++Addition++John Derbyshire, who like Razib Khan epitomizes everything our approach to immigration should aim for, takes note at The Corner. I should point out, as Alex brings up in the comments, that the percentages are not of a country’s total worldwide population that lives in the US–I do not have sufficient data for that. Instead, the table shows the population living in the US as a percentage of the total population currently living in the home country.
The following table shows the the number of each country’s native populace–by place of birth, not simply by descent–that is currently residing in the US as a percentage of that country’s own resident population. Data are available here. All figures are from 2007:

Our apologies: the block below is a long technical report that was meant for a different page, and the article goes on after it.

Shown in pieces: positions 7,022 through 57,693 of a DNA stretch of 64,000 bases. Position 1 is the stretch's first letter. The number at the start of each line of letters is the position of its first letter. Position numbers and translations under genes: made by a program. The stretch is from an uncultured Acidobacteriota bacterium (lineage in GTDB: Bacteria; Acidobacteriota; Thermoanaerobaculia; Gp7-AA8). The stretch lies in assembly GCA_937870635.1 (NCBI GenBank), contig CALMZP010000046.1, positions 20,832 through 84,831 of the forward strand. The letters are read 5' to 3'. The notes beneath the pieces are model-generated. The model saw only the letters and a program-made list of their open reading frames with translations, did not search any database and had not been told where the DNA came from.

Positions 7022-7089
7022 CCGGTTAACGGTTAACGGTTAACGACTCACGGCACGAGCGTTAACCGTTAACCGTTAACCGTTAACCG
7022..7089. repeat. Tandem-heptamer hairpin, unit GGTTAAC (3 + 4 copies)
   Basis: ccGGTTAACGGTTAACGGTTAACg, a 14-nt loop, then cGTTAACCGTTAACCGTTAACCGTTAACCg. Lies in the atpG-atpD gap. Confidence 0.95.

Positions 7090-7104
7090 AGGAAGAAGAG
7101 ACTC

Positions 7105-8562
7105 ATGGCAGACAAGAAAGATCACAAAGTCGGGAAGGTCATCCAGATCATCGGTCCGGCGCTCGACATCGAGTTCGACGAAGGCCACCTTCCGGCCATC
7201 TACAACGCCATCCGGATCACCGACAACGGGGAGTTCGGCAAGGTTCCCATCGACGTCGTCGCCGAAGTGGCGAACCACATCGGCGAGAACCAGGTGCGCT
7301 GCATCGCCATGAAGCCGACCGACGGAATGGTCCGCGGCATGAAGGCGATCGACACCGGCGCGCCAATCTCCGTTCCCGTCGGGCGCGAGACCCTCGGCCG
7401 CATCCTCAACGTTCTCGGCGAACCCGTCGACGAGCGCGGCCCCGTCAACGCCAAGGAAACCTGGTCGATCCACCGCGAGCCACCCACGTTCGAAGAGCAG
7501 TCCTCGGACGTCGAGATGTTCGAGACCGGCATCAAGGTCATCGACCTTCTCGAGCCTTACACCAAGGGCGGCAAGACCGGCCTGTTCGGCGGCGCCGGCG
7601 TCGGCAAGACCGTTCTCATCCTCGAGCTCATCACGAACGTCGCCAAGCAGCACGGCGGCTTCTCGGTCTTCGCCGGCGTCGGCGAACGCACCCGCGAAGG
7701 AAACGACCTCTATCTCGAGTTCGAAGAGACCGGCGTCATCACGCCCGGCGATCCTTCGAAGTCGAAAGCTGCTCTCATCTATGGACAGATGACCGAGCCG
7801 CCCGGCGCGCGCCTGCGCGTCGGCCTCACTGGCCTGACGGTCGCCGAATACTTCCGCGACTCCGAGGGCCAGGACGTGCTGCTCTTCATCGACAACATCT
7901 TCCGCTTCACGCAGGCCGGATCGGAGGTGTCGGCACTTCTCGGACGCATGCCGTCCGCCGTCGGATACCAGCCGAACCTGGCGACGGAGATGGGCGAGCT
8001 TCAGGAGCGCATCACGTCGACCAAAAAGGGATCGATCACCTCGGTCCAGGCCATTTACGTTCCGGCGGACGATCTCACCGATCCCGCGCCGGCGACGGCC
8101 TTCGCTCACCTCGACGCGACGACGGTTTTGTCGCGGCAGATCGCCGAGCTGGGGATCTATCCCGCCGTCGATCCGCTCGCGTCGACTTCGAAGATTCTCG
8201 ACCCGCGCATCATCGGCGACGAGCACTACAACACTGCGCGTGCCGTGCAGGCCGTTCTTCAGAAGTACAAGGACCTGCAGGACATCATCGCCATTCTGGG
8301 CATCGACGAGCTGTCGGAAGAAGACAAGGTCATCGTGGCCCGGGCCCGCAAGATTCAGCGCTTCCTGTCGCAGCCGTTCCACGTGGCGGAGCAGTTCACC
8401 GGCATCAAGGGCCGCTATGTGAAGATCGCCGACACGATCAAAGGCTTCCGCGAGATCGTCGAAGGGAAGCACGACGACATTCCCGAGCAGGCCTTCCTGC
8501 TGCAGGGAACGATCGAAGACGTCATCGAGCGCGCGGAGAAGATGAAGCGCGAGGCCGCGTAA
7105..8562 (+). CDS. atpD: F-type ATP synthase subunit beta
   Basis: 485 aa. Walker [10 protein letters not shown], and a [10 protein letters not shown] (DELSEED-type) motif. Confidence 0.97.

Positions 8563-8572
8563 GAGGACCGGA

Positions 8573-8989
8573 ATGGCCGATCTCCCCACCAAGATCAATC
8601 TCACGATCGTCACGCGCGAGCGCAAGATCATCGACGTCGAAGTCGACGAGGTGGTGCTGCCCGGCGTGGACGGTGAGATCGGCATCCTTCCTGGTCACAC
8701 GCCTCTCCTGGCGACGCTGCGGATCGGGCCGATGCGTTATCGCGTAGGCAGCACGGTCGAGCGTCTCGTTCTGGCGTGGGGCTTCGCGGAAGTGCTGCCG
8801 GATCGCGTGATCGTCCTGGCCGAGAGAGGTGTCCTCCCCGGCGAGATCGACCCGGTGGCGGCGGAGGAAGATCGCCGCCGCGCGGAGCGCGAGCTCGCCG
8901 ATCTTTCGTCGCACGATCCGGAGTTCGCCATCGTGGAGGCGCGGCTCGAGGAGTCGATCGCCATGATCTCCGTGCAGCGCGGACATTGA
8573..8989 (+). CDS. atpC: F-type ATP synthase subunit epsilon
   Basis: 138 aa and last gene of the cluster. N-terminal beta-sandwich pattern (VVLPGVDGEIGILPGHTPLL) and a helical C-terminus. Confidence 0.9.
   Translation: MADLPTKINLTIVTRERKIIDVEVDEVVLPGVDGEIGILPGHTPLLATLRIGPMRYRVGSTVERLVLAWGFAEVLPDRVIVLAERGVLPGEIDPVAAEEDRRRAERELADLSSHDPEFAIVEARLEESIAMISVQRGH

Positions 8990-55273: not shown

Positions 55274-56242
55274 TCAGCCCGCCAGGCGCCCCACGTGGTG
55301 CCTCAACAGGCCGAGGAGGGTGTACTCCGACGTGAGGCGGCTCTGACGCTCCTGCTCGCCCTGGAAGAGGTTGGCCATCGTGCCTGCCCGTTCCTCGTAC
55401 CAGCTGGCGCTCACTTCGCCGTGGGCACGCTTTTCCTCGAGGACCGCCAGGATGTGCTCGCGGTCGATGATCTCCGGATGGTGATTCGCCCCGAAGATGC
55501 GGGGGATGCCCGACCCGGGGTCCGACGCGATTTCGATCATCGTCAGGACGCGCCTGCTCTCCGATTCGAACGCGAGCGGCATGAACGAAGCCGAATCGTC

|Country||US population||% in US|
|Trinidad & Tobago||225,239||21.32|
|Bosnia & Herzegovina||119,768||2.63|
Relative to size on the international stage, Western hemisphere countries to our south are not surprisingly represented most heavily. Ireland has a considerably larger portion of its native population living in the US than anywhere else in Europe, something people in New England are most aware of.
The acerbic criticism that whiterpeople newspapers like the LAT are slitting their own throats in their support of open borders should be expanded to include their foreign focus. Israel, Iraq, Pakistan, and North Korea are frequently in the news even though few people living here actually call any of those places home. To the extent that Hispanic immigrants with eighth grade educations find interest in American newspapers, it’s not because of their coverage of the Middle East “Peace Process”. Meanwhile, Mexico, which should interest everybody in the US, is short-shafted.